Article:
Torch, Winter 1987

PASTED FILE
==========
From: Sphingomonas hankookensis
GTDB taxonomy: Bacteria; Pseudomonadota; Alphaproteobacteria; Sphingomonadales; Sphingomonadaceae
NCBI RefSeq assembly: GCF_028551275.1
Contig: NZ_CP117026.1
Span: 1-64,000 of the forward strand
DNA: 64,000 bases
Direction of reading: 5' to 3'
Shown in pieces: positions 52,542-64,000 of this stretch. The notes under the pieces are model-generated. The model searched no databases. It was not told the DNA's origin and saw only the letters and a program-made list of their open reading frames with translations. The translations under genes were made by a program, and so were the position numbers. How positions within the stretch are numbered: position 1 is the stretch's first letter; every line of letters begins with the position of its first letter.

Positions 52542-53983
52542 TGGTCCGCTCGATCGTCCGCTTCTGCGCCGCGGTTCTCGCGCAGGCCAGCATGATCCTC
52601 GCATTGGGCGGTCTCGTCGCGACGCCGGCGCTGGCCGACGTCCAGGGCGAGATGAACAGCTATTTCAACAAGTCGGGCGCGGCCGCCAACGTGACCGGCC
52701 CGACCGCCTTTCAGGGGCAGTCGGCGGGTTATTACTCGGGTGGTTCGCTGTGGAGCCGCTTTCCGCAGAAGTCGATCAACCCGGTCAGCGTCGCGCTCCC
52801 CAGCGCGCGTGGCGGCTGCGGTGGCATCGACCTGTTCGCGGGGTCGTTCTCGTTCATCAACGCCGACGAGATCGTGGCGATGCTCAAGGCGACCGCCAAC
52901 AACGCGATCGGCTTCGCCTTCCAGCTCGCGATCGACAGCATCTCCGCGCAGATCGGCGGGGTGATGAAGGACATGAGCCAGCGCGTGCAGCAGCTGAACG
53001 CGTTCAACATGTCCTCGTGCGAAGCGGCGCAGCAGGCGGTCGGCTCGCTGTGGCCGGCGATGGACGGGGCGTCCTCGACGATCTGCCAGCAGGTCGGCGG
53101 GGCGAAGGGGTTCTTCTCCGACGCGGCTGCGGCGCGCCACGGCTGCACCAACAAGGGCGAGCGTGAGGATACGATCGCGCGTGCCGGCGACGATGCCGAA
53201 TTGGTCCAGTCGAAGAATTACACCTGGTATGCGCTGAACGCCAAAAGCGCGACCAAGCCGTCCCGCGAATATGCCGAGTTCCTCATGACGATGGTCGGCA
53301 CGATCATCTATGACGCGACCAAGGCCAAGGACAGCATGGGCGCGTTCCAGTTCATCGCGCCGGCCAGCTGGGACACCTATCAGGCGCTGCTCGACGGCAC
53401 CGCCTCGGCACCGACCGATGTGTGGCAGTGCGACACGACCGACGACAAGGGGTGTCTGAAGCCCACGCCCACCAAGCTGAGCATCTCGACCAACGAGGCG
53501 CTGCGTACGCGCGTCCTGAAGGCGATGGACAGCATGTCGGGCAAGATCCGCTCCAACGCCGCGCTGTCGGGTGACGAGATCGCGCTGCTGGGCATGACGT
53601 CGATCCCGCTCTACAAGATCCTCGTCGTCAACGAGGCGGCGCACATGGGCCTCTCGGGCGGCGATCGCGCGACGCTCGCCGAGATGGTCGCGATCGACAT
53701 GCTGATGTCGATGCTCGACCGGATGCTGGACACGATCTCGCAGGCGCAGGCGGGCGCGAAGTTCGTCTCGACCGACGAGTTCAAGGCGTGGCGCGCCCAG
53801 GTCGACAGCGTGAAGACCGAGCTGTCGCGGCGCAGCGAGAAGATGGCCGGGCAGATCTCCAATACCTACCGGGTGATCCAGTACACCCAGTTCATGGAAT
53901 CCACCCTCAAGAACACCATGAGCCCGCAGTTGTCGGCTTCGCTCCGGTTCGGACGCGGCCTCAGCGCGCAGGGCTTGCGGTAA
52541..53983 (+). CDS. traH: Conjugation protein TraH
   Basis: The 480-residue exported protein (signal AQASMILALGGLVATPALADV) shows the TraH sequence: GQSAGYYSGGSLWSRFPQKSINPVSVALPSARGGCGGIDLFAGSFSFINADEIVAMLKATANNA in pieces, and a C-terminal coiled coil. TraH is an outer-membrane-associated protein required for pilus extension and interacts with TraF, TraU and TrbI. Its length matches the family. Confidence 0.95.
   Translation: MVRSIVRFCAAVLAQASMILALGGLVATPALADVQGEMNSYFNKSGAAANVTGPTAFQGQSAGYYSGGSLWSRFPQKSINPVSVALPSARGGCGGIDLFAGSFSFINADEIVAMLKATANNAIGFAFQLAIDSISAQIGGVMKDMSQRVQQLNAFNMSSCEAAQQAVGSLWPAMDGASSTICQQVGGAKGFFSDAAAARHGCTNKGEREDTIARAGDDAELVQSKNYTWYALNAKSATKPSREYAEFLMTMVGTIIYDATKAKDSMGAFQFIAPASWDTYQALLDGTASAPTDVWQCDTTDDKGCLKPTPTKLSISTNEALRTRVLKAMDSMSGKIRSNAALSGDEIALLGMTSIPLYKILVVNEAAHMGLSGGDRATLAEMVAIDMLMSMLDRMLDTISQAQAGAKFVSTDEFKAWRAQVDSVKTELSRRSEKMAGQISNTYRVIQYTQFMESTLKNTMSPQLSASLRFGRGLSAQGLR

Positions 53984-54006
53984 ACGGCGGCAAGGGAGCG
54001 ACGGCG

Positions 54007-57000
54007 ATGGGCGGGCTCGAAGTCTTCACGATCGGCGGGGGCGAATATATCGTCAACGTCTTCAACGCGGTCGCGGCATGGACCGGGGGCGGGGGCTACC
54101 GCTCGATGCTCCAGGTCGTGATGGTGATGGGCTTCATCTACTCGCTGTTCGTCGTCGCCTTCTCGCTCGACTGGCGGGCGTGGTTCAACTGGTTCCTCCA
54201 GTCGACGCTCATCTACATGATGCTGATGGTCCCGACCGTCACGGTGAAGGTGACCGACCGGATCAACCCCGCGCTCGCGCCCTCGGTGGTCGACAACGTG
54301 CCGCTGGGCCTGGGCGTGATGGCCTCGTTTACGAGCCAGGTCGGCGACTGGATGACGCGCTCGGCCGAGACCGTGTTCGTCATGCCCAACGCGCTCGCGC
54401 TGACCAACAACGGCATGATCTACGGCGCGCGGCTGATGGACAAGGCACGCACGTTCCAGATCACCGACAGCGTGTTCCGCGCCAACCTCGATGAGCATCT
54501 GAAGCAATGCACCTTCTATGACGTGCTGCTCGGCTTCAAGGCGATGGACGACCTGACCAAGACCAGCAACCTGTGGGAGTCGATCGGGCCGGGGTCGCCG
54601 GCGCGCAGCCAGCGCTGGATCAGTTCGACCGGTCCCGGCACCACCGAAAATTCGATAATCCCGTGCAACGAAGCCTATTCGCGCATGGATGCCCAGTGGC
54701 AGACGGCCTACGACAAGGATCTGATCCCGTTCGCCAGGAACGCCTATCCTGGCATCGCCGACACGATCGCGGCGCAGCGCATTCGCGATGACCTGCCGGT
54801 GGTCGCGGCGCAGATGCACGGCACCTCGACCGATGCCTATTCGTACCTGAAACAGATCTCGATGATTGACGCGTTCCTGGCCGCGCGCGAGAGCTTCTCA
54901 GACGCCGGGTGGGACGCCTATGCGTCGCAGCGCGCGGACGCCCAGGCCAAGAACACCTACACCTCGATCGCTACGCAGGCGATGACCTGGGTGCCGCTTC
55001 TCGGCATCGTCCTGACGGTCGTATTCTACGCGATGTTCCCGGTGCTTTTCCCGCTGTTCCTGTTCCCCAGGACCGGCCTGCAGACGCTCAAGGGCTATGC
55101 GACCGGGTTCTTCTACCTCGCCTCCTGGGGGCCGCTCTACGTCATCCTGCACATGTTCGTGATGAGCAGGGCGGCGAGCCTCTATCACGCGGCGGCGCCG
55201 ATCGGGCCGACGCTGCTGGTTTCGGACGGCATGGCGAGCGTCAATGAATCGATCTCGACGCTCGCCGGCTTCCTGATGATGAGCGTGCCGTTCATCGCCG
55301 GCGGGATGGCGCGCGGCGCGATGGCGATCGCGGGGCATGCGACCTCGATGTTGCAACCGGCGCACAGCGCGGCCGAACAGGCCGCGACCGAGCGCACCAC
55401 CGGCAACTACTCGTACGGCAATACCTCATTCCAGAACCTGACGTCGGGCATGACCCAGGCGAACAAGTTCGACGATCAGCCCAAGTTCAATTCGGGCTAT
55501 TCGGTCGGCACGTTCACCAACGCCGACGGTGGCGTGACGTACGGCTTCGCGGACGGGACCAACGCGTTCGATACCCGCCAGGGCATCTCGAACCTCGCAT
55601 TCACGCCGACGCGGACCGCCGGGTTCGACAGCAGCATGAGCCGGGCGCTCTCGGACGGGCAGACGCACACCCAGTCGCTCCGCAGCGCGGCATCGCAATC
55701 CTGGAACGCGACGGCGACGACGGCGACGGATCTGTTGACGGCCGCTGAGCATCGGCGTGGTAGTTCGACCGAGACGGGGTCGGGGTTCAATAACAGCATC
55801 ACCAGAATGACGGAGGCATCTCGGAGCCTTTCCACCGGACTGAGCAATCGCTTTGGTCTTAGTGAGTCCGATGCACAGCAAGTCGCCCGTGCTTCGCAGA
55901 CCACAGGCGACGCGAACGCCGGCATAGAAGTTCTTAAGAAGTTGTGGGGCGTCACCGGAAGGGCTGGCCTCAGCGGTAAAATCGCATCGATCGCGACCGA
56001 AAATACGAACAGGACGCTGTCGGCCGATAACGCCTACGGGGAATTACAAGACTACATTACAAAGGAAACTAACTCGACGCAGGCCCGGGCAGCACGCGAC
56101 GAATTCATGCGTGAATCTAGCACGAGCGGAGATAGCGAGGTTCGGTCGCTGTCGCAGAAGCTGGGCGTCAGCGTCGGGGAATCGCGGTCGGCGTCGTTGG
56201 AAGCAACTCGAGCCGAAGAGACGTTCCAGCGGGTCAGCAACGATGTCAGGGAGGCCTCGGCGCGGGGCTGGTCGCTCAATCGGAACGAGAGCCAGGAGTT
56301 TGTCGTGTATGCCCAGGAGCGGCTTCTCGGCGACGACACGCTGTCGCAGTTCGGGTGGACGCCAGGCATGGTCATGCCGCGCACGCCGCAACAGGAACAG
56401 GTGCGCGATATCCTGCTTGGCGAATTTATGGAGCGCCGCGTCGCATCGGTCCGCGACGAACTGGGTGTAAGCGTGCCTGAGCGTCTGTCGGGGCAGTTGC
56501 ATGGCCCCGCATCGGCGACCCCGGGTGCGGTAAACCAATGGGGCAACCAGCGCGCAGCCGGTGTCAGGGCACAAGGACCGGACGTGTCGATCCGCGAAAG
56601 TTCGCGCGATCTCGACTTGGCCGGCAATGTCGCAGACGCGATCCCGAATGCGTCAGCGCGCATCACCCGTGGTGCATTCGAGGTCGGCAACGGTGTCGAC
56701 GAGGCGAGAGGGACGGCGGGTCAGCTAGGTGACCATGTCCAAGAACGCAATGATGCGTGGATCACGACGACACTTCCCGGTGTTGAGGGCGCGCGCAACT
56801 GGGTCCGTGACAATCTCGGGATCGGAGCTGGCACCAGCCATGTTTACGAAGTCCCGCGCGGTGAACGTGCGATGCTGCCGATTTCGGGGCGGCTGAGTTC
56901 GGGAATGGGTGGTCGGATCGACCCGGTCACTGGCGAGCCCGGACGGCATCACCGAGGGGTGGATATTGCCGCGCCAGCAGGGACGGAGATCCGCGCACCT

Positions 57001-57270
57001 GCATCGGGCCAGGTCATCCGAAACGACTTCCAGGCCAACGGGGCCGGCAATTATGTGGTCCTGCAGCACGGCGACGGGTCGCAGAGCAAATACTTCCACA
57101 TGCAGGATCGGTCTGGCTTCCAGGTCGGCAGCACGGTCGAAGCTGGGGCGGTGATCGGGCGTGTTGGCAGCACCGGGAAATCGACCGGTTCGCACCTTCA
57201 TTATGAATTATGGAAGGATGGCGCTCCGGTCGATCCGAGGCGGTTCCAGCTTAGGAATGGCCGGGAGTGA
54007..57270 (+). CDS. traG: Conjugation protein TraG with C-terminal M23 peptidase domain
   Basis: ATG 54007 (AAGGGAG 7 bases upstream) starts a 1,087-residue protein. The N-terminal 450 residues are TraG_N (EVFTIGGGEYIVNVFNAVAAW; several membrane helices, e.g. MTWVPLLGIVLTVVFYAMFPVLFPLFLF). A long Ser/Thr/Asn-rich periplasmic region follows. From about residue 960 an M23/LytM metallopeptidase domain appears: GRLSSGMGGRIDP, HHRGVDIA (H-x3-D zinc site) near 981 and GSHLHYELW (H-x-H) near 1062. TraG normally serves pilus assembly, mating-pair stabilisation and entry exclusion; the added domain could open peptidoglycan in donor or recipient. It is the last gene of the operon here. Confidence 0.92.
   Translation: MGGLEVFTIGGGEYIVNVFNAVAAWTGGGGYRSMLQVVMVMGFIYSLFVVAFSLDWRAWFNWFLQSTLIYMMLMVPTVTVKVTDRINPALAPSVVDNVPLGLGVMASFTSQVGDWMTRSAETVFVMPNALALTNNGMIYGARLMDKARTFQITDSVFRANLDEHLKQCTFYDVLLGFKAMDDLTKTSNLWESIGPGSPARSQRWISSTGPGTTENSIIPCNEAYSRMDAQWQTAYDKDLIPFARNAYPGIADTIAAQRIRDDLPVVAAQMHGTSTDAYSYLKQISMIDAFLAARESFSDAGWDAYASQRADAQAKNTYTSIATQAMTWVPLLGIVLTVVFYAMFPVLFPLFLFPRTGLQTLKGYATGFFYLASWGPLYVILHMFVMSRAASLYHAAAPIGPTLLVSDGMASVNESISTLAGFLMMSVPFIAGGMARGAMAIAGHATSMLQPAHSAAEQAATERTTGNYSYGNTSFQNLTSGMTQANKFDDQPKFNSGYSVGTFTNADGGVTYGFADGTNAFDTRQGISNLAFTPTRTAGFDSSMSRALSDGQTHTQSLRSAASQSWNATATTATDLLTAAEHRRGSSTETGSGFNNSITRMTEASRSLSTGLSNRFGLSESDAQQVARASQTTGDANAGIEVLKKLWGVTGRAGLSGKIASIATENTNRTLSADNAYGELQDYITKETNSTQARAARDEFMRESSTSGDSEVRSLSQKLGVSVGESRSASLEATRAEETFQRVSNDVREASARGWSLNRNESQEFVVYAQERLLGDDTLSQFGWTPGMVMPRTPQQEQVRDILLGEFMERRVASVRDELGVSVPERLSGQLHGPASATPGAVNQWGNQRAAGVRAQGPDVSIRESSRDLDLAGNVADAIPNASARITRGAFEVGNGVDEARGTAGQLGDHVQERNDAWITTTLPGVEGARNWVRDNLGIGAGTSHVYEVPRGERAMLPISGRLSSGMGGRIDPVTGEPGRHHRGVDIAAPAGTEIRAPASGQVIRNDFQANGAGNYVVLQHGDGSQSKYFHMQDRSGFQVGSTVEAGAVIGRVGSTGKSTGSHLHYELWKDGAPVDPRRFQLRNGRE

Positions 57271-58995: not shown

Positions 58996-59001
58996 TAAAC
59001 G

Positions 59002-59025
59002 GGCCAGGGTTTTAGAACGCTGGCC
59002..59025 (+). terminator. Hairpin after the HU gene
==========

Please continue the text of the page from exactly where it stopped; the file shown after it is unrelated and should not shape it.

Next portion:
God's Training Rules for Godliness by Dr. Richard D. Durham The summer Olympics! The parade of athletes! The excitement of competition! The thrill of the winners as the gold medals are presented! The agony of defeat! Who hasn't enjoyed watching such a spectacle? But do the participants just happen to be good athletes? The answer is an emphatic "No!" They train, they work hard, they agonize, they discipline them– selves, and they practice, practice, practice! We are told that athletes who participated in the Isthmian and Olympian games of the Apostle Paul's day had to spend a full ten months in daily, rigorous training in order to qualify for the competition. Paul charged Timothy to " ...follow after (pursue, strive for) ... godliness..." (I Tim. 6:11 ). Pursuit demands effort. But before a Christian can pursue godliness, he needs to know what he is pursuing. The word "godliness" is made up of two Greek words: one that speaks of worship; the other of doing it well. Thus, to be godly is to "worship well." It describes a healthy spiritual life and speaks of a Christian who has made God the very center of his life by presenting his body a living sacrifice to God, and who is continually seeking to glorify God in all he does. Godliness is defined as piety which, characterized by a God-ward attitude, does that which is well-pleasing to Him. To put it succinctly, godliness is the life-long pursuit of Christ-likeness. How is this godliness - this lifestyle that is God– centered and God-glorifying - attained? Paul commanded Timothy: "Exercise thyself... unto godliness" (I Tim. 4:7). 8 The verb "exercise" (v. 7) and its noun form in verse 8 were used to refer to the on-going training program required of athletes in Paul's day. Godliness also requires an on-going training program that involves several basic disciplines. 1. Get adequate rest. An athlete does not have the stamina nor the ability to perform well if he does not get enough sleep. Strength is renewed when the body is at rest. Spiritual rest, for the Christian, is obtained in prayer. An old hymn reminds us that praying does indeed rest the weary. Prayer calls for trust, and trust implies dependence on, and submission to, God. David reminds us that we are to " .. .trust in the Lord" (Ps. 37:3) and to " in the Lord, and wait patiently for Him" (Ps. 37:7). Isaiah promises: "But they that wait upon the Lord shall renew their strength; they shall mount up with wings as eagles; they shall run, and not be weary; and they shall walk, and not faint" (Is. 40:31). They who would soar on eagle's wings in the heavenly atmosphere of godliness must learn to